| November/December 1981

Steam engine

108 Garfield Avenue, Madison, New Jersey 07940.

There is a mail slot in my door and through it pass varied pieces of mail. Some are addressed to Occupant and some to Current Resident. I don't know either of these, but they do get interesting mail. One day my dachshund announced the arrival of our mail personours is a lady carrier. There among the usual bills and all was my copy of McGraw Hill's prestigious Electrical World. In it I noticed an advertisement for the Skinner Universal Uniflow engine. It seems the reciprocating steam engine is more than just another item in an industrial museum.

Although Heron of Alexandria, or Hero, the Egyptian mathematician, is credited with inventing the reaction steam turbine, it took the simple reciprocating engine to turn the world around in an industrial revolution. The wheels of industry were driven by the steam engine for a hundred years before the electric motor took over. This electrical work horse of industry is so complete in its victory that we forget that there are still work places that depend upon the steam engine and it would seem that they continue to be manufactured.

These facts have suggested that perhaps in our changing world there again might be a future for the faithful, reliable and simple steam engine. With this in mind I began the search to find where they were in active productive use today. At the same time a brief look was taken at their future potential.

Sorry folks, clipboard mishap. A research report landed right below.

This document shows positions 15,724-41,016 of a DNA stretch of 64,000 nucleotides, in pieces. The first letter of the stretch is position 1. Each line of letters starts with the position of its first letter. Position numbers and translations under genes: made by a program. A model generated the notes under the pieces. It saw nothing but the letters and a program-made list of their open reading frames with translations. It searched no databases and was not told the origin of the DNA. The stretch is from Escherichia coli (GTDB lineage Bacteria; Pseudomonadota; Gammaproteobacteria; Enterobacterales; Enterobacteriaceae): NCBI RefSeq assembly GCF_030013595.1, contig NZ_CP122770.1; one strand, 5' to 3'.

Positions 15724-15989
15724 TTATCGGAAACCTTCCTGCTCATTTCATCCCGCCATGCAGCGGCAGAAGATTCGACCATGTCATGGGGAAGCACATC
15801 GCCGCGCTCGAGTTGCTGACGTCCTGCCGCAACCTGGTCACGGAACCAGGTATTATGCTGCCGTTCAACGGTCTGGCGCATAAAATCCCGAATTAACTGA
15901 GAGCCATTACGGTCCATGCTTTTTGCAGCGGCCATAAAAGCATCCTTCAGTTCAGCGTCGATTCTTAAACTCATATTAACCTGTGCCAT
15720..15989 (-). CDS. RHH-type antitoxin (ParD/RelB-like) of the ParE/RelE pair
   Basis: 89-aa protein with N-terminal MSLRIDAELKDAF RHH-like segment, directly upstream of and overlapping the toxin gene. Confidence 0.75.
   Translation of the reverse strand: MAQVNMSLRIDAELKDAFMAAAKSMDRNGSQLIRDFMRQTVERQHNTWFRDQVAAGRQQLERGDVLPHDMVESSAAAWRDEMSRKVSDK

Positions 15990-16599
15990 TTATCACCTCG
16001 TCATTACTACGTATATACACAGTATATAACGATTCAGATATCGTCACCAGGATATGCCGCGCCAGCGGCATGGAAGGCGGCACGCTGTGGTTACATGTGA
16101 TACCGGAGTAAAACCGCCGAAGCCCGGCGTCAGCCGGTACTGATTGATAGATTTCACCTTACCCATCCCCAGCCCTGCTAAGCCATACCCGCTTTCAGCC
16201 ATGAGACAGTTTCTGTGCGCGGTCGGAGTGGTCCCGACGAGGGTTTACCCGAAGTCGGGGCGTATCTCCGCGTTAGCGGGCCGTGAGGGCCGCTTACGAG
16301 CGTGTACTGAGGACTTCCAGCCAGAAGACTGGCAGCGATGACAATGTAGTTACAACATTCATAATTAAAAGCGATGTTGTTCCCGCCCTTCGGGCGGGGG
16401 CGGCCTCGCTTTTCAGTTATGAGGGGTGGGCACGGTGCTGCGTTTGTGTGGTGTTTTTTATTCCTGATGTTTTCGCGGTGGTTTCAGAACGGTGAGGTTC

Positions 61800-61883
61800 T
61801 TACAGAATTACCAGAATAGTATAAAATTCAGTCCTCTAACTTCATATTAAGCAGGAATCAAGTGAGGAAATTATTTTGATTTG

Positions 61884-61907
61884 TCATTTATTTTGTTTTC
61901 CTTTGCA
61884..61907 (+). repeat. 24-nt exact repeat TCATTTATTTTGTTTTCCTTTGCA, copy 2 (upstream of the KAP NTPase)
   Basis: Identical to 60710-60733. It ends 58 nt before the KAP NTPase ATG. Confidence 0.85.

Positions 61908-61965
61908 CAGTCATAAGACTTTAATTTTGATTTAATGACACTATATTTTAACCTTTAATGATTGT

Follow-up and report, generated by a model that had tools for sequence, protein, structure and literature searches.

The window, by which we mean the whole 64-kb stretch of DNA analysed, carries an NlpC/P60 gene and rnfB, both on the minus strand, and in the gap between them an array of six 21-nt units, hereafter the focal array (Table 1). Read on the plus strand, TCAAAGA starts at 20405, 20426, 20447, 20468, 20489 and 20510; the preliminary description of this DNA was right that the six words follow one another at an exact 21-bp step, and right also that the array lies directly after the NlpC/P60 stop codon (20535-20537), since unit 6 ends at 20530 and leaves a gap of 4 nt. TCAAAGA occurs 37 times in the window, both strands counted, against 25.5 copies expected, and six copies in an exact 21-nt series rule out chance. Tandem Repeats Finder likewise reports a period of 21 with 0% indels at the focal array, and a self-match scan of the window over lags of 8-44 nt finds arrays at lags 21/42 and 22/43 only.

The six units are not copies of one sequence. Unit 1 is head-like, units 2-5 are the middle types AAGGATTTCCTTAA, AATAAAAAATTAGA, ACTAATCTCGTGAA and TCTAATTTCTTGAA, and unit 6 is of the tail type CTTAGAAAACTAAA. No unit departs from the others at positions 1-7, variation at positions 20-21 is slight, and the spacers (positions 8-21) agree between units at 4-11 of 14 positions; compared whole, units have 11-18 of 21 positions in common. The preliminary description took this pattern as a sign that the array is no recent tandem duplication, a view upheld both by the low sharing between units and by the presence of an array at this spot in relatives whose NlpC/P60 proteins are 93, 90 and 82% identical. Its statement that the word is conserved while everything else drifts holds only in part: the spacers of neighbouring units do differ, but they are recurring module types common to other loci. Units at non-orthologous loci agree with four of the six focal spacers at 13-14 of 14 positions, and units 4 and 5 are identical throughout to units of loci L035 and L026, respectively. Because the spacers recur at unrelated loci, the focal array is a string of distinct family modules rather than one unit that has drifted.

One of the first places that I came across the continuing use of the steam engine was at the B. F. Clyde Cider Mill in Old Mystic, Connecticut. (IMA Nov. 1979). Here, Jack Bucklyn has installed an Ames Iron Works 15 horsepower engine to power the line shaft supplying power to various parts of the mill. It is an 8' by 8' engine with the governor set at about 220 rpm.

Now, in a way, this is almost an action museum in that it is operational only during the fall season. On the other hand, it is a profit making enterprise in which the use of steam for power is in direct contrast to otherwise using electric motors.